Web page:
Julian Assange—Journalist or Jerk?

By Matthew Gault at Newsweek: No person is just one thing. I believe that strongly and, like other strongly held convictions, edge cases test me. So it is with Julian Assange, who I see as both a brave publisher of government secrets and an ideologically driven zealot who probably got people killed. He’s a person I find unseemly, a grotesque glory seeker interested in mostly his personal brand and an anti-American crusade. He also published damning secrets about the United States that were in the public interest and pioneered new forms of digital journalism.

When I think about Assange, I dwell on an anecdote from David Leigh and Luke Harding’s book WikiLeaks. In it, Assange is eating dinner with journalists when Leigh pressed him about redacting the names of America’s Afghan partners from cables WikiLeaks plans to publish. Leigh pointed out that publishing their names could lead to their death.

“Well, they’re informants,” Assange replied. “So, if they get killed, they’ve got it coming to them. They deserve it.”

It is possible for me to both know that America did not belong in Afghanistan and to also know that locals fighting against warlords and theocratic rule do not deserve to die simply because they worked with the United States. That nuance seems beyond Assange.

We rush to judgment and seek to sort people into tidy boxes. We want to know if a person is good or bad, if a country is fighting for the wrong or right reason. Often, we decide what we believe first and force the facts to conform to those beliefs.

So it’s been interesting, for me, to watch people’s reactions to the news that Assange has accepted a plea deal from the American government. He’s going to plead guilty to disseminating government secrets and, after more than a decade in various kinds of prisons, will go home to his native Australia.

Rep. Marjorie Taylor Greene said the sight of Assange walking free outdoors was “incredible” and that he’d only committed the crime of journalism. I wondered if she knew her beloved former President Donald Trump‘s Justice Department had been the machine that started the case to which Assange would eventually plead guilty.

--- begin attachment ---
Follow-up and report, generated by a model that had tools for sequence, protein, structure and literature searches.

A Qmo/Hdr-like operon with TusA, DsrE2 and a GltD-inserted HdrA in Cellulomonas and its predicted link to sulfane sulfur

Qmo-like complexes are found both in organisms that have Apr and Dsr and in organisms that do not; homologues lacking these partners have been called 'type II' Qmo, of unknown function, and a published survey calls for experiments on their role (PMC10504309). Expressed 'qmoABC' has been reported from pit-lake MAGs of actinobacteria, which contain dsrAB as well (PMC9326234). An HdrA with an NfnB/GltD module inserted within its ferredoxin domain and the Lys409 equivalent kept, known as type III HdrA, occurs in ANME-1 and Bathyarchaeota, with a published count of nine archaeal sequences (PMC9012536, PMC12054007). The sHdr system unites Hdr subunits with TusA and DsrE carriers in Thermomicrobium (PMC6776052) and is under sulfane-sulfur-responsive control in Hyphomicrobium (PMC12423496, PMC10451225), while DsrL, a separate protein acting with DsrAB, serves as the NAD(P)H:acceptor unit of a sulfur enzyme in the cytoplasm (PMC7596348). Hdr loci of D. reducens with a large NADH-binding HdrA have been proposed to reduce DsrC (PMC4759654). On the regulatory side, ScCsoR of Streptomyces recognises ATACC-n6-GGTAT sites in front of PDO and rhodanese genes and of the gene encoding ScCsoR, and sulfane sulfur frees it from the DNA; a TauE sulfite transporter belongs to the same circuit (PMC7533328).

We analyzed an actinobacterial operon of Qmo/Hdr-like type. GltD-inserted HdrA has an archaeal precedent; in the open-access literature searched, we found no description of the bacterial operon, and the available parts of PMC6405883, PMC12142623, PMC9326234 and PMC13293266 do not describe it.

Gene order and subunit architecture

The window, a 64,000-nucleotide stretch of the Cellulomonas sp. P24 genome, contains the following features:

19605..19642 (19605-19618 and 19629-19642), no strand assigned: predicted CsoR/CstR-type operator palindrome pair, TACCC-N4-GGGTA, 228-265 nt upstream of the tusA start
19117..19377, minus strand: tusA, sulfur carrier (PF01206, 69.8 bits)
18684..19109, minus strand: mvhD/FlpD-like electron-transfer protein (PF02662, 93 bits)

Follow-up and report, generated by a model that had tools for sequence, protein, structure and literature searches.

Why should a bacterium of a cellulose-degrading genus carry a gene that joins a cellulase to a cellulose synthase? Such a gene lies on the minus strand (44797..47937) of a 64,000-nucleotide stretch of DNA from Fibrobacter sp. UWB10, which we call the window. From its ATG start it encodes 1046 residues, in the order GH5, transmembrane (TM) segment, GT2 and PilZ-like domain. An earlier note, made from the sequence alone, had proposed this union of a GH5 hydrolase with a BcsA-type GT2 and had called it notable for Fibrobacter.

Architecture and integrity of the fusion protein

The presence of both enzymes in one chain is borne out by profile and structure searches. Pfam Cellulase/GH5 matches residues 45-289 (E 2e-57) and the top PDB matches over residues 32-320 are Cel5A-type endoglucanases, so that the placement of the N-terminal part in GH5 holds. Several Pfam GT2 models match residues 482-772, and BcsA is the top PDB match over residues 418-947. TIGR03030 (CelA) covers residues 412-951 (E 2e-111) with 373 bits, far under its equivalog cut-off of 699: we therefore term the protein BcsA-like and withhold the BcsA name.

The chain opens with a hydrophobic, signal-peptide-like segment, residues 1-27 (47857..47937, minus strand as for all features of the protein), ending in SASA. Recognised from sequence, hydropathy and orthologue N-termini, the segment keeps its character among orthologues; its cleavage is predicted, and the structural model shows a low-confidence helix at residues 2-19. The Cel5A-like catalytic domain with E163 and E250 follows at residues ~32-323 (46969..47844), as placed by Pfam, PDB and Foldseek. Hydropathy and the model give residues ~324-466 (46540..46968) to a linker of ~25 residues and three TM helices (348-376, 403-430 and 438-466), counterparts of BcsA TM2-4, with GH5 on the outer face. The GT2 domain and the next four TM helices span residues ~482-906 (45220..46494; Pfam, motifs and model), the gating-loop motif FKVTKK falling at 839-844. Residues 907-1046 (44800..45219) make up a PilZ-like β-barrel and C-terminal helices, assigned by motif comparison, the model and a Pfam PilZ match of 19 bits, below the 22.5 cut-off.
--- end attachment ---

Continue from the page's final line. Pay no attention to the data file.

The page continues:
On X, Cornel West also lauded Assange. “He also should be pardoned immediately because he committed no crime,” he said. “He simply exposed the barbaric crimes of the American empire!” I thought about Russian-linked hackers slipping WikiLeaks a trove of Democratic National Committee emails, a move that probably helped elect Trump, and all the “barbaric crimes” that occurred during his presidency.

“Julian Assange is no hero,” Gail Helt—a former CIA analyst—said on X. “He is a despicable Russian asset who harmed hundreds of people and dismissed them like they didn’t matter. I’m okay with the plea agreement because I hope it means I’ll see his name in my social media feeds a lot less, but let’s not venerate the man. He caused great harm.”

His status as a Russian agent—unwitting or not—is harder to quantify. So are the direct harms he caused. Meanwhile, the direct harms of the U.S. government he exposed are there in black and white on WikiLeaks.

Assange’s legacy, like my feelings on him, will be mixed. I don’t want to see him suffer anymore, but I wish he hadn’t pleaded out. In doing so, he’s set a dangerous precedent.

“The United States has now, for the first time in the more than 100-year history of the Espionage Act, obtained an Espionage Act conviction for basic journalistic acts. Here, Assange’s Criminal Information is for obtaining newsworthy information from a source, communicating it to the public, and expressing an openness to receiving more highly newsworthy information,” the Electronic Frontier Foundation said in a statement. “This sets a dangerous practical precedent, and all those who value a free press should work to make sure that it never happens again. While we are pleased that Assange can now be freed for time served and return to Australia, these charges should never have been brought.”

I think Helt’s hope that we’ll see less of Assange is foolish. If he wants, he’ll be a media darling. The only question left now is: who will be the first pundit to interview him? I will watch it, of course, and hatefully scrutinize every word that comes out of his mouth. But I’ll still listen and, if I’m having a good day, judge the material presented and not the man it comes from.

More here.

Leave a Reply

Your email address will not be published.